Wednesday, 25 November 2009

A lovely young lady came into the building today to see the hall for a potential hire. I however, was in the toilet when she came in. I heard the door, hurriedly washed my hands and intercepted her in the corridor. We'd had a conversation yesterday, and so our meeting in person went something like this:
"Hello, I'm Gemma. You must be David. Lovely to meet you."

She sticks out a hand, which I decline to shake, with the words

"I won't shake your hand, I've just been to the toilet."
An entirely true fact, but what if she thought I hadn't bothered to wash my hands? What if she thought I'm just a lazy, germ-laden animal? Will she have thought that I was actually doing her a courtesy, in not introducing the slightly soggy handshake to a burgeoning relationship, or that I was in fact just a very rude young man?

Have I, in fact, overthought this?

So many questions, so little time.

Christmas, weather and stealing. No, really.

Today is the 25th of November, realised through the mundanity of writing a cheque, so Christmas is a month away. I'm guessing a whole host of people will get excited by this, possibly female, possibly teenage, possibly shouldn't care as much as they do.


Monday was St. Clement's day, according to the church calendar, but contrary to our custom, we didn't read anything about him in our morning prayers. We realised this on Tuesday morning, just after we had been discussing how bad the weather was on Monday. Quick as Usain Bolt on performance enhancing drugs in a fast moving vehicle, I quipped:
"Must have been because it was so inclement yesterday..."
Yeah, I was proud of it. I don't mind you being ashamed.


Yesterday, in what was like Christmas come early, I managed to pilfer various books - I say pilfer, I mean, 'got given' - that I intend to read and review. However, I am very aware that I said I'd read and review The Secret Message of Jesus, and I've hardly had a chance to read it. So, when I have some time, you might get some intellecktual stuff.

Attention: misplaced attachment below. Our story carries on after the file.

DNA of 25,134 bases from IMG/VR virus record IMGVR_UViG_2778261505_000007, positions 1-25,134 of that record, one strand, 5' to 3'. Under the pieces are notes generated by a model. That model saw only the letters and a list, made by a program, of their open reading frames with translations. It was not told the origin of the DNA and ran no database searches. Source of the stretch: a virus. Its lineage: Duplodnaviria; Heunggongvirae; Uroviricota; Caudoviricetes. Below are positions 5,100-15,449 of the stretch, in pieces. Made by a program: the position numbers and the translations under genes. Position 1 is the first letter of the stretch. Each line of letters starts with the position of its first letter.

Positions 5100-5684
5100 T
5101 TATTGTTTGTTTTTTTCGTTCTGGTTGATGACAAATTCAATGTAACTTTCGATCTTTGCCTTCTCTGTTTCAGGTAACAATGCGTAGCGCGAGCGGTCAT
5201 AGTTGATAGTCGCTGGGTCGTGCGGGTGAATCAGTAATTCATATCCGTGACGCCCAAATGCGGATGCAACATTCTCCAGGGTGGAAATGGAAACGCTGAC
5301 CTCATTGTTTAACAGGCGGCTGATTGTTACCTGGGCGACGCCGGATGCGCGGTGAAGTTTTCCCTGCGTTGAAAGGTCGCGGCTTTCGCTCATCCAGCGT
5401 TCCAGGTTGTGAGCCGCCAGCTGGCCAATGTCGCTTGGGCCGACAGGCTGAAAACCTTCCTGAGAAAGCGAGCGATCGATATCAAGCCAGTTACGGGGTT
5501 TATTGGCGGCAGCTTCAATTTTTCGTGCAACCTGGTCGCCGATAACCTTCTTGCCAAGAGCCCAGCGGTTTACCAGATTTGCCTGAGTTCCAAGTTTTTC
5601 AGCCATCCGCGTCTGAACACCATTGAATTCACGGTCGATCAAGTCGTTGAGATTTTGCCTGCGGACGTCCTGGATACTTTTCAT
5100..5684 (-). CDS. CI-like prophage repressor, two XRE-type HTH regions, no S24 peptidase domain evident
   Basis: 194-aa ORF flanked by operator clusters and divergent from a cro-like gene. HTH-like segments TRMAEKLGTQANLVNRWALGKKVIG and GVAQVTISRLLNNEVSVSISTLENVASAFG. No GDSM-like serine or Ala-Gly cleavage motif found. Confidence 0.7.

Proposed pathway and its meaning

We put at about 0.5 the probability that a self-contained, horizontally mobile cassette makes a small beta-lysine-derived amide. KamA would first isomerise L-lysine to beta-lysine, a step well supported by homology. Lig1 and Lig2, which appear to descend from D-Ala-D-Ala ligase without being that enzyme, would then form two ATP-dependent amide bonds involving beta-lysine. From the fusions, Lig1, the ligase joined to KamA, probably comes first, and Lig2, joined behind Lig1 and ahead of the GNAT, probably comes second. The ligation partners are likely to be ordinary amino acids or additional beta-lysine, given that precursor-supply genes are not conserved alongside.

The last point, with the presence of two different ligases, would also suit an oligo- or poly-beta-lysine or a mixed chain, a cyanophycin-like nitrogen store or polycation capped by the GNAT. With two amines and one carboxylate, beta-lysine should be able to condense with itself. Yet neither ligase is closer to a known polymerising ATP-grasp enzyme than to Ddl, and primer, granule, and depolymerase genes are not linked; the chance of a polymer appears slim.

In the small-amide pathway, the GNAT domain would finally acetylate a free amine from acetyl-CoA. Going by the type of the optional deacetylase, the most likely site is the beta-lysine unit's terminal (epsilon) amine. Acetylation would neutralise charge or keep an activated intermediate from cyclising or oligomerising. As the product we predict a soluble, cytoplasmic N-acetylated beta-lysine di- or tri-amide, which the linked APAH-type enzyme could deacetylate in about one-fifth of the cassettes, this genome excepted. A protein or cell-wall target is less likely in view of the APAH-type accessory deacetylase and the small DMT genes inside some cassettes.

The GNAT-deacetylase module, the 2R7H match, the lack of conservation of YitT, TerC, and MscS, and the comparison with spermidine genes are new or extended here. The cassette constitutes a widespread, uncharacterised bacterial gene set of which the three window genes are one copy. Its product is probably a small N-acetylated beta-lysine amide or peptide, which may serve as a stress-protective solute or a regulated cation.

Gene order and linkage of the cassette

Oo, er.

Tuesday, 24 November 2009

I do recommend you go here. Not only is she funny, she has lovely pictures. Yes.

Thursday, 19 November 2009

The Further Adventures

I didn't think there would be a sequel, but it would seem I would be wrong. Yesterday, Phil came into the office again to ask me something. I said that the request would go on my to-do list.

And it almost came as an apology. As he walked of the room, he said
"You have a to-do list. That's part way to being in the real world."
How very kind and gracious of you to allow me that privilege. Well, part way is better than not at all, I suppose.

Tuesday, 17 November 2009

Things & Stuff

Just got back from Northwood, the place that makes me tick. I spent an evening with lovely people, listening to good music at open mic night, and received the question 'are you playing tonight?' as many times as I had conversations.


The bus from Willesden Green was possibly the slowest bus I have ever been on. It was 11:15, open roads, and the driver seemed reticent to actually go anywhere near the speed limit, let alone break it. Not sure if this blog-worthy, but it frustrated me, so you get to know about.


I saw a woman working in a kebab shop. No, really. Does this strike anyone else as odd?

Wednesday, 11 November 2009

Real World

Various people come into the church to use it from time to time, hiring it for various events and so on. Every week, a nice man called Phil uses one of the smaller rooms to tutor Maths and English. He came into the office today to ask me about something, and as etiquette dictates, asked me how I was.

I made the crucial mistake of answering honestly, saying that I wasn't too bad, but the jump from university to the real world was something of a big one.

He paused, looked around the office, and said:
Well, this isn't exactly the real world, is it?
Well, Mr. Phil, nice as you may be, you're oh-so-wrong, as well. This week the church and myself have gone through various things; Remembrance Day, a funeral, loneliness, baptism visits, a dear old lady having a fall, prayer, tears, and a whole host of other incredibly real things.

What I do is very real, and the God I serve is even more so. I hope that, someday, you see that too.

Saturday, 31 October 2009